Ofsted warns of 'two nations' gap in school standards

Sir Michael Sir Michael, the chief inspector of schools Ofsted chief Sir Michael Wilshaw wants all regions to match London school standards

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The "battle against mediocrity" must be fought to improve school standards across all parts of England, says the head of education watchdog Ofsted.

Launching Ofsted's annual report, chief inspector Sir Michael Wilshaw said the regional gap was like "two nations".

Sir Michael called for more testing, proposing formal tests in English and maths at age seven.

The report showed that eight in 10 schools were now good or better, the highest in Ofsted's history.

But there were still nearly 250,000 pupils being taught in inadequate schools and 1.5 million in schools that require improvement.

Sir Michael raised concerns about the differences in pupil attainment across the country, with London an example of rapid improvement and warnings that areas such as Doncaster, the Isle of Wight, Norfolk and Suffolk were falling behind.

There are now nine authorities where all secondary schools are either outstanding or good - with seven of these in the London area.


  • Bath and North East Somerset 100%
  • Camden 100%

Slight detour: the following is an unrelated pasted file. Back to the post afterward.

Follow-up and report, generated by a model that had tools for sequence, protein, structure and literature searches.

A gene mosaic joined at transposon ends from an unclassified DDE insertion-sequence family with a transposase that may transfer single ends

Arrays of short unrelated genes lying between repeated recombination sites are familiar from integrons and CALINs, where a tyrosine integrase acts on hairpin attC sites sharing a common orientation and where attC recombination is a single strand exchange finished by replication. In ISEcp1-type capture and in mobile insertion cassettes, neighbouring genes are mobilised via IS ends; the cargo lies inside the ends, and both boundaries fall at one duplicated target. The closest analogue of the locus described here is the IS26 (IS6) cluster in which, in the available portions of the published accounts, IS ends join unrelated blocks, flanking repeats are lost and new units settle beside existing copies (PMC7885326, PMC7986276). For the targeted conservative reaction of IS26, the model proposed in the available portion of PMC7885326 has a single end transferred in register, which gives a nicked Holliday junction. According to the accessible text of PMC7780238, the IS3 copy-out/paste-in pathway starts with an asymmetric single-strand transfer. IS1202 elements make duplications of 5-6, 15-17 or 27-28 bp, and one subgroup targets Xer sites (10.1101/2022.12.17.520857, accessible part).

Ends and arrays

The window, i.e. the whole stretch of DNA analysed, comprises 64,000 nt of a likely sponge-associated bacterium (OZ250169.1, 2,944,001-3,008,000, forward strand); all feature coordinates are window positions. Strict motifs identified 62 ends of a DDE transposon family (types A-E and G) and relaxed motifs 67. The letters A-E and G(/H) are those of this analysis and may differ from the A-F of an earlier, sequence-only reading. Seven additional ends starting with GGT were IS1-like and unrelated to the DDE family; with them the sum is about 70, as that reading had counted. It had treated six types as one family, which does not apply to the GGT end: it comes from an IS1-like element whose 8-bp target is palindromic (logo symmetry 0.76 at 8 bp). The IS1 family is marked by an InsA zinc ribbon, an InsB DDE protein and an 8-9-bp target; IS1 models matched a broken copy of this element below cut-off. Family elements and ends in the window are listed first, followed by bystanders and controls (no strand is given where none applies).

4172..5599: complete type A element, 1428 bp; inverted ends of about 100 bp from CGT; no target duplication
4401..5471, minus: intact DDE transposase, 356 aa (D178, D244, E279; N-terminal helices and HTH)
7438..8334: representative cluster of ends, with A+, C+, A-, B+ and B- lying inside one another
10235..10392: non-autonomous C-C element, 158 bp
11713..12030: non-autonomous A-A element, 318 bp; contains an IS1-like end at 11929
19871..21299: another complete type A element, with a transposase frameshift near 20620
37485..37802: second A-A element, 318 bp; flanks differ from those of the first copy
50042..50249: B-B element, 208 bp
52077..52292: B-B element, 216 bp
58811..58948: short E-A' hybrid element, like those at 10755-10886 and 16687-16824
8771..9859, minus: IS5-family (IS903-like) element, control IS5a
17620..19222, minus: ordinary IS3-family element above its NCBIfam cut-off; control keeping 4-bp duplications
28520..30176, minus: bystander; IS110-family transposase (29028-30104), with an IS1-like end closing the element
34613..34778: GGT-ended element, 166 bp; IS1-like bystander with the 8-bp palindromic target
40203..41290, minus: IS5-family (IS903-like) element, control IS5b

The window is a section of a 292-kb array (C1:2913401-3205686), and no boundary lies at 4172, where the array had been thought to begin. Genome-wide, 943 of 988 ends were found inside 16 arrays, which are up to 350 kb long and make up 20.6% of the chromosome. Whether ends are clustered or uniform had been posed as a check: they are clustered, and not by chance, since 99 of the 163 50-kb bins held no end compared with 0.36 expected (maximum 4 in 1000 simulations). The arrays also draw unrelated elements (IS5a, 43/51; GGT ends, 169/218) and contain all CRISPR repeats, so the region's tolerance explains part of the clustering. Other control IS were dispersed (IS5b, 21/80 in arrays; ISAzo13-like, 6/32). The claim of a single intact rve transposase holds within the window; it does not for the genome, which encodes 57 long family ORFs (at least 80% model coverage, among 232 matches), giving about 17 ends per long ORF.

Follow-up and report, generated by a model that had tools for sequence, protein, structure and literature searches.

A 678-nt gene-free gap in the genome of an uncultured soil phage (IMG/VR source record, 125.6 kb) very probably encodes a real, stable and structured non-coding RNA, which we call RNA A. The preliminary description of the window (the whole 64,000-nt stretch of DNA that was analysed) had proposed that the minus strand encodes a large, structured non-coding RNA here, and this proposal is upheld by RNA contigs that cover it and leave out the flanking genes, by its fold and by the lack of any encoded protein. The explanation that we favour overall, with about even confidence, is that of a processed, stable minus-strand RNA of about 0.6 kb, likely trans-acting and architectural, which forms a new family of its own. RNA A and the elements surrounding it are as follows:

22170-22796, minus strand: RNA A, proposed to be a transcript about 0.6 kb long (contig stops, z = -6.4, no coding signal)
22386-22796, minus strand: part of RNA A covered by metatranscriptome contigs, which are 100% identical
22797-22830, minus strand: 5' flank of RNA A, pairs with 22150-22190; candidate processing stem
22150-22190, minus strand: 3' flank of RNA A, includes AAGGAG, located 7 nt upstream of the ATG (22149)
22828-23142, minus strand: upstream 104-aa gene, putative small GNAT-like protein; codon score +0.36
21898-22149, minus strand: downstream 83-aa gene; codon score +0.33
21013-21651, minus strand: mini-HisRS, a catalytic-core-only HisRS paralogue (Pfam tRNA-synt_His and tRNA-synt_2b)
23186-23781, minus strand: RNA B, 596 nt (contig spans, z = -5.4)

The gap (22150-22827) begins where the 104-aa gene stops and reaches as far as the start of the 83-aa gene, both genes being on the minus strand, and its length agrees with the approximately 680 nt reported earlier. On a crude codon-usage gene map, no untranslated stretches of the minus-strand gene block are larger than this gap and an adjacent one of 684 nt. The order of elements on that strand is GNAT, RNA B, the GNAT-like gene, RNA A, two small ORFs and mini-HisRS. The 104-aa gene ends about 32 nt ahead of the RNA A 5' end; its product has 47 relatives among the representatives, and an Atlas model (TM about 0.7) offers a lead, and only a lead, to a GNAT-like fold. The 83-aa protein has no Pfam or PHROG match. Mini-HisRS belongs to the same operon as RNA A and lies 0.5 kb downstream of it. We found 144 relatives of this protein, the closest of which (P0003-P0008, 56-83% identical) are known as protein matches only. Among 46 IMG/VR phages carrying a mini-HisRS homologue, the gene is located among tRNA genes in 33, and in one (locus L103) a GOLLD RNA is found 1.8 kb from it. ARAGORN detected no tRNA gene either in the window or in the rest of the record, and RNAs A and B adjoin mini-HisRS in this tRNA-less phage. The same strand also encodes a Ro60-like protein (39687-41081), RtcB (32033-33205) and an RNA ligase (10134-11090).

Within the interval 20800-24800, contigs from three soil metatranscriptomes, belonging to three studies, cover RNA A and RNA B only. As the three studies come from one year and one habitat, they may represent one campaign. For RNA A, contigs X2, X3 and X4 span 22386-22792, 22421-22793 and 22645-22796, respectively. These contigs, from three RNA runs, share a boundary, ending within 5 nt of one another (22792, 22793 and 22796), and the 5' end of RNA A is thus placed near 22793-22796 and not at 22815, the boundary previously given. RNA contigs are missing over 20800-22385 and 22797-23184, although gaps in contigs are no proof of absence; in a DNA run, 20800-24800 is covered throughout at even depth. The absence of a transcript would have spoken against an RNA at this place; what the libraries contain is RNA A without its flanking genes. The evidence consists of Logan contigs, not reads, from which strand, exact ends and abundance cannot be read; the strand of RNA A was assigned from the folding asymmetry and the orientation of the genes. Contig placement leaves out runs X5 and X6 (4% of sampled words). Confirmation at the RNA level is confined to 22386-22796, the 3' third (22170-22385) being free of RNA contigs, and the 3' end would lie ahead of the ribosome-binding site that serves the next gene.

• Hammersmith and Fulham 100%
  • Hounslow 100%
  • Islington 100%
  • Kensington and Chelsea 100%
  • Rutland 100%
  • Tower Hamlets 100%
  • Westminster 100%
  • Hackney 99%

Source: Ofsted

Ofsted figures also show that other areas in inner London have a very high proportion of pupils in outstanding or good secondary schools - 99% in Hackney and 98% in Haringey.

'Born in the wrong area'

Sir Michael said there needed to be a fairer distribution of good teachers and school leaders across the country, with incentives to encourage the best teachers to move to the areas of greatest need.

To have a world-class education system, he said "we've got to iron out these regional differences".

He warned that children who are "born in the wrong area" should not have lower expectations in what they can achieve.

He also drew attention to the plight of white working class boys, saying this group was being left behind.

The Ofsted chief also raised concerns about poor behaviour, such as pupils answering back to teachers or "background chatter".

Sir Michael compared this low-level disruption to the classroom discipline of the east Asian school systems, such as Shanghai and Singapore, which dominated last week's international Pisa tests.

In response, Sir Michael said there would be unannounced school inspections to check on classroom behaviour.

He also called for a return to external testing for tests taken at the age of seven.

Ofsted inspectors reported there were "worrying inconsistencies" in teachers' assessments and that an external check would create a more reliable measure of how well young pupils were progressing.